The Astronomical Journal
Deep Hα images of portions of a faint 3° × 4° Hα shell centered at l = 1596, b = 73 seen on the Virginia Tech Spectral Line Survey images revealed the presence of several thin emission filaments along its eastern limb. Low-dispersion optical spectra of two of these filaments covering the wavelength range of 4500-7500 Å show narrow Hα line emissions with velocities around –170 ± 30 km s–1. Both the morphology and spectra of these filaments are consistent with a Balmer-dominated shock interpretation and we propose that these optical filaments indicate that the large Hα emission shell is a previously unrecognized supernova remnant (SNR). ROSAT All Sky Survey images indicate the possible presence of extremely faint, diffuse emission from the shell's central region. The shell's location more than 7° off the Galactic plane in a region of relatively low interstellar density may account for the lack of any reported associated non-thermal radio emissions. The rare discovery of a Galactic SNR at optical wavelengths suggests that additional high-latitude SNRs may have escaped radio and X-ray detection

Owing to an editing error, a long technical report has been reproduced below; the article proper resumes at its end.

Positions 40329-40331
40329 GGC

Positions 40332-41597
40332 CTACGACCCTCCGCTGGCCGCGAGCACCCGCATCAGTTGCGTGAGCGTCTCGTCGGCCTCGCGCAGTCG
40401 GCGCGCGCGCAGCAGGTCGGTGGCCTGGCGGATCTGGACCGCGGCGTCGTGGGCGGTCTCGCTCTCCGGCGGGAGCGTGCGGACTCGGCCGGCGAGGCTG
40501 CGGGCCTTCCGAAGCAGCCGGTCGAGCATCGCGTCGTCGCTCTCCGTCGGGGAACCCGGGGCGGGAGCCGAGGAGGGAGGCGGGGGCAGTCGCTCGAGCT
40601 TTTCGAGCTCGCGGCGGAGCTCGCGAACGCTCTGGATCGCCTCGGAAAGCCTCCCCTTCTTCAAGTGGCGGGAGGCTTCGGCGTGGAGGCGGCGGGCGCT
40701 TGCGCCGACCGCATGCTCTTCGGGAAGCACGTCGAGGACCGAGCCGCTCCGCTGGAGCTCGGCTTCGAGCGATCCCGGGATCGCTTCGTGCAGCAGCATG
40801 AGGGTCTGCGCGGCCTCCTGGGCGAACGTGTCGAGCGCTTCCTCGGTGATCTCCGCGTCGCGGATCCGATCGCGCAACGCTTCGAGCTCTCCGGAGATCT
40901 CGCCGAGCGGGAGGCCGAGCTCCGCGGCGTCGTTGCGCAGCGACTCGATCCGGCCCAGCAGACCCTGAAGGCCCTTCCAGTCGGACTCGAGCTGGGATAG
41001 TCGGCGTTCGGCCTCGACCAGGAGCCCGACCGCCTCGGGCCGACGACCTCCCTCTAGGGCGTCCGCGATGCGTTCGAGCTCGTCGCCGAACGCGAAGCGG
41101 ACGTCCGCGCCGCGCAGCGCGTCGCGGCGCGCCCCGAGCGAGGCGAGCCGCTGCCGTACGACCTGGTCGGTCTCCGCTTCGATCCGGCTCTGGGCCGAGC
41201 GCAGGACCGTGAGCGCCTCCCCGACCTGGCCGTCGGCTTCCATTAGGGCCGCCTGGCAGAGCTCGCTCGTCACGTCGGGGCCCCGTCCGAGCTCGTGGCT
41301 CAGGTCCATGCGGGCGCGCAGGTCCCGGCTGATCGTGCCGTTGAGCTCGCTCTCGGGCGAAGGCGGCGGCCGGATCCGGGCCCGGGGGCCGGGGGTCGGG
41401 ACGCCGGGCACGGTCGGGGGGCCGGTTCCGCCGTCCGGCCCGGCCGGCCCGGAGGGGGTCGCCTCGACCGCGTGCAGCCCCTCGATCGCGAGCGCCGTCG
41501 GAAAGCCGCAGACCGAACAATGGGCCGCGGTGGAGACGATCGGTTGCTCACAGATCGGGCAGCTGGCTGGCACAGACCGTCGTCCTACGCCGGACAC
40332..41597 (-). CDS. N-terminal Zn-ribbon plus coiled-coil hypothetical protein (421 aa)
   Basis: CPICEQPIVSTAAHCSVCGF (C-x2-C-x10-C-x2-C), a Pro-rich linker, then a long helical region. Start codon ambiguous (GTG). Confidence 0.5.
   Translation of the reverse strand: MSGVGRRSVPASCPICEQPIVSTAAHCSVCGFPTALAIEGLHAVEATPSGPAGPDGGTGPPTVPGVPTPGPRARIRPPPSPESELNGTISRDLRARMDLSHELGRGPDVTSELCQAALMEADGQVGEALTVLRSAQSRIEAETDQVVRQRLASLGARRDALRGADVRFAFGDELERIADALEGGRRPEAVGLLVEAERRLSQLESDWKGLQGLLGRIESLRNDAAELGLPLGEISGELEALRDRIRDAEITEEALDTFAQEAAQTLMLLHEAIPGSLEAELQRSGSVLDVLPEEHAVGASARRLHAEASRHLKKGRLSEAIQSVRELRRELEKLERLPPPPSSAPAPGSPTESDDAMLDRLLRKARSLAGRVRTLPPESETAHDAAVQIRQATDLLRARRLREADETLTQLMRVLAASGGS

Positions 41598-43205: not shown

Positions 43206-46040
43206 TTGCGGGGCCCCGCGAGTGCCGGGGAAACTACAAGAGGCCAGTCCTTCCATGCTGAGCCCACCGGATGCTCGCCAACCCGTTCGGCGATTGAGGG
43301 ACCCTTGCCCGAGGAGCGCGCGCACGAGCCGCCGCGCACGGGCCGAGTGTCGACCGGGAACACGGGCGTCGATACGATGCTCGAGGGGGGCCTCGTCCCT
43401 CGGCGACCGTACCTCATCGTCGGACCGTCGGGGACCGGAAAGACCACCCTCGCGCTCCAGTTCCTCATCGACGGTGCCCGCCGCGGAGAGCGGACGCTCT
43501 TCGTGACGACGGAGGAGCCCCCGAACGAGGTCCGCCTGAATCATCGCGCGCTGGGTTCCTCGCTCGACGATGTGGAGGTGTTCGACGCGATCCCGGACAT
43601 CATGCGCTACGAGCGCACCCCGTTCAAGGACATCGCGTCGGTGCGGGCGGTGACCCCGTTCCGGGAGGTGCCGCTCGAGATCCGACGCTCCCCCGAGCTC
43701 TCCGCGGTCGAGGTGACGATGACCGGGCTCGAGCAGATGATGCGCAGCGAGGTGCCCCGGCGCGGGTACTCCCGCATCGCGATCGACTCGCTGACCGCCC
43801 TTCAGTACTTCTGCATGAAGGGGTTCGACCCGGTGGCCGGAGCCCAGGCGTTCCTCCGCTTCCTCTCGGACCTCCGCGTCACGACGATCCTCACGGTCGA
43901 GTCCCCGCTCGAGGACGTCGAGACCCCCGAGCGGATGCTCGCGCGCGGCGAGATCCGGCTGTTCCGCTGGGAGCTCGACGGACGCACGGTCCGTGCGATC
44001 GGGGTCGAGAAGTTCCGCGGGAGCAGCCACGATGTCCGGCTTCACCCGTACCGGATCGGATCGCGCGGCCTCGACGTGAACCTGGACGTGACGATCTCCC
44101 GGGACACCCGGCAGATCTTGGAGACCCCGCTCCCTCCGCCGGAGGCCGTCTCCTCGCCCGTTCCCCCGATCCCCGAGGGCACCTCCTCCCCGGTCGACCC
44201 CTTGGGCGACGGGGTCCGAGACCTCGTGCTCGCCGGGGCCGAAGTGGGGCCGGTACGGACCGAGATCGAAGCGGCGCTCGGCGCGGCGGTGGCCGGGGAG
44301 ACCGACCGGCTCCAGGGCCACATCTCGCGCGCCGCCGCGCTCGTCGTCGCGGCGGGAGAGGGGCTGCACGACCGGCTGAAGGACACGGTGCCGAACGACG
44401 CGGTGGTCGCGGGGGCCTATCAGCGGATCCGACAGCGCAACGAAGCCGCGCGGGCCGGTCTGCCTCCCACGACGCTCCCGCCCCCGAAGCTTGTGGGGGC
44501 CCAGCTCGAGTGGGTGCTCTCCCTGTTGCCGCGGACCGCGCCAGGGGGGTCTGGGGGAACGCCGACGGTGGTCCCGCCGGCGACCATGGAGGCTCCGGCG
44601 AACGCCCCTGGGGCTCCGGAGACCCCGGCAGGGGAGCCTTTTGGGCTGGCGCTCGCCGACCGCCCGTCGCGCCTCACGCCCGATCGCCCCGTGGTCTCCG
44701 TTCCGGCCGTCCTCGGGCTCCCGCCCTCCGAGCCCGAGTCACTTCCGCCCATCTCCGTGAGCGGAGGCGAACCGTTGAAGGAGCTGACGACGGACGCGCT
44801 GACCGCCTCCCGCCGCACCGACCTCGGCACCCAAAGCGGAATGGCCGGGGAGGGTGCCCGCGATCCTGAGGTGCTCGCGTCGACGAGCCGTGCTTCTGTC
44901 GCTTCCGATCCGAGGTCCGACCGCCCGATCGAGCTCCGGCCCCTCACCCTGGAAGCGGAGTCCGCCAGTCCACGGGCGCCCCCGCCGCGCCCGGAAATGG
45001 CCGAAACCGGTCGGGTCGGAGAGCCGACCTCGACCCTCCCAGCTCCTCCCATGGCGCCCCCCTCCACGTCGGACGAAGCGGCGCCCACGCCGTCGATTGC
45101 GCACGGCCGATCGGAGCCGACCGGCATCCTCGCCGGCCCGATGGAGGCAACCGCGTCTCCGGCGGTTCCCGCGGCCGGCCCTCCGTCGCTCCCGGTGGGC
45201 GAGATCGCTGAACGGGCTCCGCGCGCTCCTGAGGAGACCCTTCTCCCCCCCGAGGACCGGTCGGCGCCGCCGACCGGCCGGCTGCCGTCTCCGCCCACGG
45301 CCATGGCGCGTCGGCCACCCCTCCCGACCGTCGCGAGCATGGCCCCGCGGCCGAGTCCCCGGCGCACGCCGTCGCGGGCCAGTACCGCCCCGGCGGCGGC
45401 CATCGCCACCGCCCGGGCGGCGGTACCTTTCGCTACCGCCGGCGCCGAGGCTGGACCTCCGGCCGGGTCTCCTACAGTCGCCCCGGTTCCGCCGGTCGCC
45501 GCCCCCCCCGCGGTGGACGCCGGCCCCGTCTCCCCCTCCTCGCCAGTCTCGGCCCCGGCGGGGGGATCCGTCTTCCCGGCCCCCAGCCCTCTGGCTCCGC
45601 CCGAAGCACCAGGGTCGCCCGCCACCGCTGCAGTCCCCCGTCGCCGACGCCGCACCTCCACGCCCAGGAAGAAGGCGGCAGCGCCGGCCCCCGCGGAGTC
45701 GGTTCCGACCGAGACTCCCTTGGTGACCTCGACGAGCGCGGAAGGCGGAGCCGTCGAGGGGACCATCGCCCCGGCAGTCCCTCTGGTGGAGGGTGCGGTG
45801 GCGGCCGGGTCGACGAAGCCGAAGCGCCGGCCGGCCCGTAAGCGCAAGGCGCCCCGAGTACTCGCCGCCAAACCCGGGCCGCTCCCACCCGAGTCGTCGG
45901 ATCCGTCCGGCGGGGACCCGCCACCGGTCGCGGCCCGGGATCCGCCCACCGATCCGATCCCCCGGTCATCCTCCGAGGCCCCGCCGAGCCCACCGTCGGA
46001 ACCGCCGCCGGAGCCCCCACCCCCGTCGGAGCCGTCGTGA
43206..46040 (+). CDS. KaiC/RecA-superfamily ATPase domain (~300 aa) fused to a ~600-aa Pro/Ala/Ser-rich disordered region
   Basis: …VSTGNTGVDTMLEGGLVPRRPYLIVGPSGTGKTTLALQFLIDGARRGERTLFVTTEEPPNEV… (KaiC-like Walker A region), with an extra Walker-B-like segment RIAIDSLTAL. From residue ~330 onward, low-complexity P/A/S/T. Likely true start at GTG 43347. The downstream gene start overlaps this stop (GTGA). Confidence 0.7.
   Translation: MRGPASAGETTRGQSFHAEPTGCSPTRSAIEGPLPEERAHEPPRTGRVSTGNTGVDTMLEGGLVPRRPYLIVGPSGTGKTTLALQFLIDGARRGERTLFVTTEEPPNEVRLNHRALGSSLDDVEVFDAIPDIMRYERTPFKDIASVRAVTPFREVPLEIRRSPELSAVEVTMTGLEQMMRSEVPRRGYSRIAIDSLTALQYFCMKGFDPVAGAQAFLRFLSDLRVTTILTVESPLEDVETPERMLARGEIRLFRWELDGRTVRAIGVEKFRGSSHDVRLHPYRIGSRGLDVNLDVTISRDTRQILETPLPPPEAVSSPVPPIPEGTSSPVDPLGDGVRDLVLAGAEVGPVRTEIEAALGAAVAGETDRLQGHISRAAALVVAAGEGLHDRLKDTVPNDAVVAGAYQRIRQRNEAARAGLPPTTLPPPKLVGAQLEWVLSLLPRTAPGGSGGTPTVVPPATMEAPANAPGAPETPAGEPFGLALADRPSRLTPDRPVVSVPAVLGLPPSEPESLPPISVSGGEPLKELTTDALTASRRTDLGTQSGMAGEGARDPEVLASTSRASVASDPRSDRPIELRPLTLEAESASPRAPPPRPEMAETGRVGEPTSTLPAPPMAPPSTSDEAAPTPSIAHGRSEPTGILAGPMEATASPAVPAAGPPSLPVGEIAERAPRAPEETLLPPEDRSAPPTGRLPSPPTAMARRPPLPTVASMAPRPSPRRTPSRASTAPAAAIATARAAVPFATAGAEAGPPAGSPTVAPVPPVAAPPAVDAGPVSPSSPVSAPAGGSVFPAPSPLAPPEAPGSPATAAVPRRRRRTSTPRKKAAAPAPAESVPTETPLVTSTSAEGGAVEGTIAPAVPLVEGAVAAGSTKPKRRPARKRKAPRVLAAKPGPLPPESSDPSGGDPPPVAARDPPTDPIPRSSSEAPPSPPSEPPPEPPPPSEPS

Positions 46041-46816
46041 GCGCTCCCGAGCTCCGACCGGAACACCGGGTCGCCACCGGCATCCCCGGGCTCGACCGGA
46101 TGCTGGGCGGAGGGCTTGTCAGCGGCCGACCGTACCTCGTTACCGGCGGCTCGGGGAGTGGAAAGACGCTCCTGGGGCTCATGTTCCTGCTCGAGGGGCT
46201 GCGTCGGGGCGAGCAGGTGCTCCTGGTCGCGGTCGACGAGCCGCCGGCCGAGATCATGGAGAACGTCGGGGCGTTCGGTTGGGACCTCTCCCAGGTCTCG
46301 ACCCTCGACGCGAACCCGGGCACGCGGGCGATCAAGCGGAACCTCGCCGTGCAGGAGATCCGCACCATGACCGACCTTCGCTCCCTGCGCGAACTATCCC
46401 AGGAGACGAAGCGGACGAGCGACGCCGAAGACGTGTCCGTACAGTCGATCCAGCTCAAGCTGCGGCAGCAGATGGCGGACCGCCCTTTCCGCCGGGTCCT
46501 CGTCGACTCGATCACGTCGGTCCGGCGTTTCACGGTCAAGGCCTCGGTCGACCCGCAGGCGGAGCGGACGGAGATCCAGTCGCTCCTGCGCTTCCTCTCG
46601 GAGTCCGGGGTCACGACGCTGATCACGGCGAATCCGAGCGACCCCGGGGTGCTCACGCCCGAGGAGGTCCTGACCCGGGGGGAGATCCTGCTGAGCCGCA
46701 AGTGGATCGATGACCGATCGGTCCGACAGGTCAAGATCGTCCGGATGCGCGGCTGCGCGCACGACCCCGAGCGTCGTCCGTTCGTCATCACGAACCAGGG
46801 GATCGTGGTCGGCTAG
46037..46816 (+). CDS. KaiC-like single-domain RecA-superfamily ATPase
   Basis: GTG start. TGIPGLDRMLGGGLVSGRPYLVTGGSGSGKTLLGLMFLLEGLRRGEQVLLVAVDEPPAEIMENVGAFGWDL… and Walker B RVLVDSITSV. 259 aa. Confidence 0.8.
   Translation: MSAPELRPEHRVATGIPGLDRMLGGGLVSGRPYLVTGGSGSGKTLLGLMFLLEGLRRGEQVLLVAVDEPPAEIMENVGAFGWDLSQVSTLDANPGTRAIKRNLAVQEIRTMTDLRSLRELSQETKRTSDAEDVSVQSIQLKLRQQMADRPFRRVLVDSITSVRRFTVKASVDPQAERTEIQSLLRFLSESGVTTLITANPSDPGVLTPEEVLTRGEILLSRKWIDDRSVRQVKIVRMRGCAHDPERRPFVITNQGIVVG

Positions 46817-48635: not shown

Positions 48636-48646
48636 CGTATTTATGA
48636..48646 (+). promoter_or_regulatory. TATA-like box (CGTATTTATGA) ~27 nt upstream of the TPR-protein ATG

Fesen, Robert A. and Milisavljevic, Dan, "Optical Discovery of an Apparent Galactic Supernova Remnant g159.6+7.3" (2010). Open Dartmouth: Faculty Open Access Articles. 2062.